Belgian university launches mass self-screening coronavirus campaign
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Belgian university launches mass self-screening coronavirus campaign

© Valentin Bianchi/Provided by ULiege

A Belgian university has launched a campaign aiming to encourage all its staff and student body to screen themselves for the coronavirus every week using saliva-based tests.

The University of Liège began distributing self-sampling saliva kits across its campuses on Monday as part of a mass-testing campaign coinciding with the launch of the new academic year.

A press official for the university said that the screening tests will be distributed every week from Monday to Friday and that the hand-outs are set to last until at least the end of the first quarter.

Devised by researchers at the university, the kits allow users to collect a sample of their own saliva to drop off at a collection point on campus for testing at a university lab, where a standard PCR analysis is carried out.

© Valentin Bianchi/Provided by ULiege

“People take their saliva sample the morning after receiving the kit, on an empty stomach, and before brushing their teeth,” a press release by the university said.

“Our goal is to have a tool to monitor and limit the spread of the virus in our community,” University Dean Pierre Wolper said.” We will also have a tool to evaluate the measures in place in relation to the real situation and to propose to adapt them so that our activities can continue in the best possible conditions.”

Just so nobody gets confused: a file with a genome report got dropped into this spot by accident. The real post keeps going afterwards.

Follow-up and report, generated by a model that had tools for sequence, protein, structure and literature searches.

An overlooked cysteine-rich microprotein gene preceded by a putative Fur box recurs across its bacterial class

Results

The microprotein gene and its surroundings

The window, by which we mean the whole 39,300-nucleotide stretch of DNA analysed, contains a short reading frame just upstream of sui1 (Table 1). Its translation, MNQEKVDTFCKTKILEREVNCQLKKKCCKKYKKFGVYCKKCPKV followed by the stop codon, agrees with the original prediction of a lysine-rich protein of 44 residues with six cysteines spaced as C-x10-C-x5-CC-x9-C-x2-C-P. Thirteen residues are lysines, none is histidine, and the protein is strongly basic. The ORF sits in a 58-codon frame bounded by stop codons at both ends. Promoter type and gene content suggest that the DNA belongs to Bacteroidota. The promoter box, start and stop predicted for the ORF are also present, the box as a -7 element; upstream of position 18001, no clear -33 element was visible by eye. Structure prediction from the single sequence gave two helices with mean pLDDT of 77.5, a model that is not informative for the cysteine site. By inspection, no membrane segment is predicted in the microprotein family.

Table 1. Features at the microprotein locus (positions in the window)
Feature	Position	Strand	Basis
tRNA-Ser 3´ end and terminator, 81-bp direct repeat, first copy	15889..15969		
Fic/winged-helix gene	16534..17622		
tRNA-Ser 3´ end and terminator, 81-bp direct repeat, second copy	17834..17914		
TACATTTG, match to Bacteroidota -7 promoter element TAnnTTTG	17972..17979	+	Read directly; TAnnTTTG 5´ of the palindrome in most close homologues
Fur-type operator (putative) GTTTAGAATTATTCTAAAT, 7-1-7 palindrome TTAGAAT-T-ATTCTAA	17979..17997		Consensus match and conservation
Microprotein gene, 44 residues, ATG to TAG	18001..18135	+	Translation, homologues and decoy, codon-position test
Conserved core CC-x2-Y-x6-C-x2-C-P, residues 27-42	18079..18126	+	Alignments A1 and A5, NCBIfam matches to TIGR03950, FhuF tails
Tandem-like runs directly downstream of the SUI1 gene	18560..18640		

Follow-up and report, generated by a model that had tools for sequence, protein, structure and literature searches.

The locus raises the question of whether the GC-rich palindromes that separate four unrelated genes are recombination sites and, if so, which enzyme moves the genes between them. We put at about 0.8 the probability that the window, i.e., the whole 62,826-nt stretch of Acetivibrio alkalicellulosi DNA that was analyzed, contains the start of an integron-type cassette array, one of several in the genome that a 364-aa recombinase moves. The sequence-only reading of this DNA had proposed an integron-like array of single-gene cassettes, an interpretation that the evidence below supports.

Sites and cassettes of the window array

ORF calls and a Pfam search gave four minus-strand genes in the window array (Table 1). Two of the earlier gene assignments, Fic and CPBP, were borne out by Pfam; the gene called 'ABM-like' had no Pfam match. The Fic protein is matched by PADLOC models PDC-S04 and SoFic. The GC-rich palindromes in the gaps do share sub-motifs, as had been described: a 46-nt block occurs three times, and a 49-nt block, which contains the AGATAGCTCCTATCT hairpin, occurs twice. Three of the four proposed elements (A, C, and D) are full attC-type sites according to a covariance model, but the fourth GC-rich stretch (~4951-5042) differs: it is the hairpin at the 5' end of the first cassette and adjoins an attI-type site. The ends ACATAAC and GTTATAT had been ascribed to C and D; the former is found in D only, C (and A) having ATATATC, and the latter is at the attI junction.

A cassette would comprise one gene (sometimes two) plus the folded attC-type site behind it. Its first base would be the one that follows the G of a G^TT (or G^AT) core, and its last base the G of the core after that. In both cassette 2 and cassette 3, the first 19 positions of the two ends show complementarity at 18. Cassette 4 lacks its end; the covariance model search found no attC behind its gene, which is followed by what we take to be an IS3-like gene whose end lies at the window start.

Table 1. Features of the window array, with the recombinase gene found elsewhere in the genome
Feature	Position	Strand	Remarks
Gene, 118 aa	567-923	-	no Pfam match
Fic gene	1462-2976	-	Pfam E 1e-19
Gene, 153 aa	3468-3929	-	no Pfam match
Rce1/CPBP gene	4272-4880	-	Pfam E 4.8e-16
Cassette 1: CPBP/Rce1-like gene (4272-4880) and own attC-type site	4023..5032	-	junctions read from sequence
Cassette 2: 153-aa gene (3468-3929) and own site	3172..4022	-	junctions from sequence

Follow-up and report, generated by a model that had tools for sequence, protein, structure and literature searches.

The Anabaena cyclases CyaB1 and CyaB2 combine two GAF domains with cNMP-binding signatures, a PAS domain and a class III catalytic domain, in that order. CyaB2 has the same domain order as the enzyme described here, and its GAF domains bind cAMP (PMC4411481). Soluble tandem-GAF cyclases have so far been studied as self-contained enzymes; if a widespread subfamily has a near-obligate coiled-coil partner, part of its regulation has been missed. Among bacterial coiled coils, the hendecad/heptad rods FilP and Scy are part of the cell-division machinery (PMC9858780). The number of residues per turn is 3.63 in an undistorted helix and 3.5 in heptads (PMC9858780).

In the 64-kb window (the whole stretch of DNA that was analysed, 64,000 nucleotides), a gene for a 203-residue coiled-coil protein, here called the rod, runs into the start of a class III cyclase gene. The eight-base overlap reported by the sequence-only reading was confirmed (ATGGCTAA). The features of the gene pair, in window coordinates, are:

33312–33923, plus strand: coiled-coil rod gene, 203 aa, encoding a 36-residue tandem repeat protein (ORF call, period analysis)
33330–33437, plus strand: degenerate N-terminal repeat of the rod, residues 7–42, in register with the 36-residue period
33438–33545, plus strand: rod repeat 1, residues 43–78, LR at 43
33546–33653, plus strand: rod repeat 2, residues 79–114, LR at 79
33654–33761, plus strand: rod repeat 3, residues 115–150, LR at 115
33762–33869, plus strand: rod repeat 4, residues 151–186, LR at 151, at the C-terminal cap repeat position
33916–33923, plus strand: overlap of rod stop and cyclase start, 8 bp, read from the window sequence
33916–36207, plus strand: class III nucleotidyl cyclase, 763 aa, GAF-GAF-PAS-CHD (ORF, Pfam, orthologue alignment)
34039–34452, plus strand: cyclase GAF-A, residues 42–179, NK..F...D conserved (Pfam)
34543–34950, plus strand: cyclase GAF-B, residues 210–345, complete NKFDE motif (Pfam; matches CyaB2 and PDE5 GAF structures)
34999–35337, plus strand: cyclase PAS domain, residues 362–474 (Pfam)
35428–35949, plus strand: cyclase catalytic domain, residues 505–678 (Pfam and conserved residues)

Adaptive measures could include a total or partial return to distance-learning in a given faculty or university building if a concentration of positive tests is detected there, the press officer said.

Participation in the testing campaign is voluntary and anonymous with results available within 36 hours in an online platform launched for the campaign.

While the press officer said that the saliva-based sampling was less sensitive than the samples collected via nose or throat swab, and therefore had a higher potential for false positives or negatives, university officials expect that that will be made up for by the fact that tests are taken regularly, allow to draw conclusions from consistent results over a short period of time.

Those who receive a positive result to their test will be issued a recommendation to self-isolate and notify their doctor so they can enter the national tracing and testing platforms.

Gabriela Galindo
The Brussels Times